Bulletin of the National Speleological Society - ISSN 0146-9517
Volume 35 Number 4: 109-126 - October 1973

A publication of the National Speleological Society

Lee Cave, Mammoth Cave National Park, Kentucky
John P. Freeman, Gordon L. Smith, Thomas L. Poulson, Patty Jo Watson and William B. White


Lee Cave is located beneath the northwestern edge of Joppa Ridge, in Mammoth Cave National Park. Entrance through a shaft and canyon complex leads into a large trunk passage. The trunk passge extends 7000 ft, with cross-sections up to 88 ft wide and 40 ft high, to an eastern terminal breakdown. Below the main trunk, is a complex of smaller tubes, canyons, and vertical shafts. the surveyed length, 1972 is 7.55 miles.

The trunk contains a thick clastic sediment sequence which varies in facies from cobbles in the west to fine silts and clays in the east. Breakdown activated by sulfate replacement and crystal wedging is common. Gypsum, epsomite, and hexahydrite occur as clumps of curved crystals. Blodite, a new cave mineral occurs as thick crusts of material drifted onto up-facing sediment and breakdown surfaces. Cave life is sparse. There is a small bat colony and much evidence of cave rats. Smaller animals, except for crickets, have not been observed.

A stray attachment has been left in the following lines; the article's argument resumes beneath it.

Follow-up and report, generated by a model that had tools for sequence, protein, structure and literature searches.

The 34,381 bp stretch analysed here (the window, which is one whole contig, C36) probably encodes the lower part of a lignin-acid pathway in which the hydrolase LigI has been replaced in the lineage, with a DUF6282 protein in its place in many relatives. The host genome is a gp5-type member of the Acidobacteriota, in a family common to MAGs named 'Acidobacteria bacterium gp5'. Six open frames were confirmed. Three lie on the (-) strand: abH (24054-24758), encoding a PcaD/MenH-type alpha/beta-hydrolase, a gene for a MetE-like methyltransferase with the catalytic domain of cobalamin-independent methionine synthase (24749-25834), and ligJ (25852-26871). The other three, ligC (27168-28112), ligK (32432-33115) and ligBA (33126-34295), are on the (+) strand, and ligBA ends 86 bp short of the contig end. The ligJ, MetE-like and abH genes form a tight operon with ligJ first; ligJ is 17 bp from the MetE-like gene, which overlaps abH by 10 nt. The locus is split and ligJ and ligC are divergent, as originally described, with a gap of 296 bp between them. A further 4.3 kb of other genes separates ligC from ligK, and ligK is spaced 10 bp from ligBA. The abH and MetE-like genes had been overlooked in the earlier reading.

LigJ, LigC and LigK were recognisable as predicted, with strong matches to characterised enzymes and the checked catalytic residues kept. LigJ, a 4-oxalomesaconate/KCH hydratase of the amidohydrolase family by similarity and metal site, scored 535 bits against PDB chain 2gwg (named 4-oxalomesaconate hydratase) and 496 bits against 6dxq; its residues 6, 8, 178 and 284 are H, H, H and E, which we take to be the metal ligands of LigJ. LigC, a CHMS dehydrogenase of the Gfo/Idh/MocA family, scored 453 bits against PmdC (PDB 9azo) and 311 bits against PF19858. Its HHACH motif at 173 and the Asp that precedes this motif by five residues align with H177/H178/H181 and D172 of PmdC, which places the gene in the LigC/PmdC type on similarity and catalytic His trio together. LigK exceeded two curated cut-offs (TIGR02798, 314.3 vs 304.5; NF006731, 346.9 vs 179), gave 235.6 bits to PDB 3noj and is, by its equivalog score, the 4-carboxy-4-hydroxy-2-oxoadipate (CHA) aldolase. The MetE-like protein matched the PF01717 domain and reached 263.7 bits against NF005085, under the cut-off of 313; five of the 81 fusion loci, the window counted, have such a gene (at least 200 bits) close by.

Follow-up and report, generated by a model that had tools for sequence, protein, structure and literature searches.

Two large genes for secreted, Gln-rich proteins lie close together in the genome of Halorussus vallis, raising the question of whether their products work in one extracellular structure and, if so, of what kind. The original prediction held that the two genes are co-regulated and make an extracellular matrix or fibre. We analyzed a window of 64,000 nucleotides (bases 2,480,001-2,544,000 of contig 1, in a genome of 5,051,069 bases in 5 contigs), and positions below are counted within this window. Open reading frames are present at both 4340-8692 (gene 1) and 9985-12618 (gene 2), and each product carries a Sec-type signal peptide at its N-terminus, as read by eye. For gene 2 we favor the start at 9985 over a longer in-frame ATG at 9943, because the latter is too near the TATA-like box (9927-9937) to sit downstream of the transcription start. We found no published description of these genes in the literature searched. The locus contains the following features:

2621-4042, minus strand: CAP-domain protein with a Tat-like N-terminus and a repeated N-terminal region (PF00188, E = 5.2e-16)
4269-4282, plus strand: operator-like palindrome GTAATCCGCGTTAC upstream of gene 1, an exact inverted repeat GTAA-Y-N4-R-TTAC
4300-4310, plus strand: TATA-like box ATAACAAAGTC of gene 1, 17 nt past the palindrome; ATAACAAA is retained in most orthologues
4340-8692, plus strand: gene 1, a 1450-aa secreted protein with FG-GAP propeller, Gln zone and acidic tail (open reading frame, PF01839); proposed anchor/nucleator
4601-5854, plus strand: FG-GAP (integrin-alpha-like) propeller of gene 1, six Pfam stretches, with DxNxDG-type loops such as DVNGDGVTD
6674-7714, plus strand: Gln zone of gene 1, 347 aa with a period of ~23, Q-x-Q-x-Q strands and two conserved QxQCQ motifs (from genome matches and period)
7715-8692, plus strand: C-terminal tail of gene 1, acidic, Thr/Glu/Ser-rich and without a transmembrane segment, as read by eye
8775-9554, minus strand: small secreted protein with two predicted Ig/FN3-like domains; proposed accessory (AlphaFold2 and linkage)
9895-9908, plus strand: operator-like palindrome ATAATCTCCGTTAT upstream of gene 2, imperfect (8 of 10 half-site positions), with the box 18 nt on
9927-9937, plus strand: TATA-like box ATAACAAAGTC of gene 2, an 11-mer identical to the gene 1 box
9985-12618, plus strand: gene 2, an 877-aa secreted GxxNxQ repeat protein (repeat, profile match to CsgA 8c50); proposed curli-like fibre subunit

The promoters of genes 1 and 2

Pre-Columbian Indians entered the cave, probably through an entrance now closed, near the eastern breakdown. Fragments of cane-torch material are scattereed along much of the main trunk passage. Two stone cairns of unknown purpose occur. There is, however, no evidence of the mining activity common to Mammoth and Salts Caves. Lee Cave was named for T.E. Lee, pioneering cave explorer of South Central Kentucky, who descended the entrance pit in 1876.

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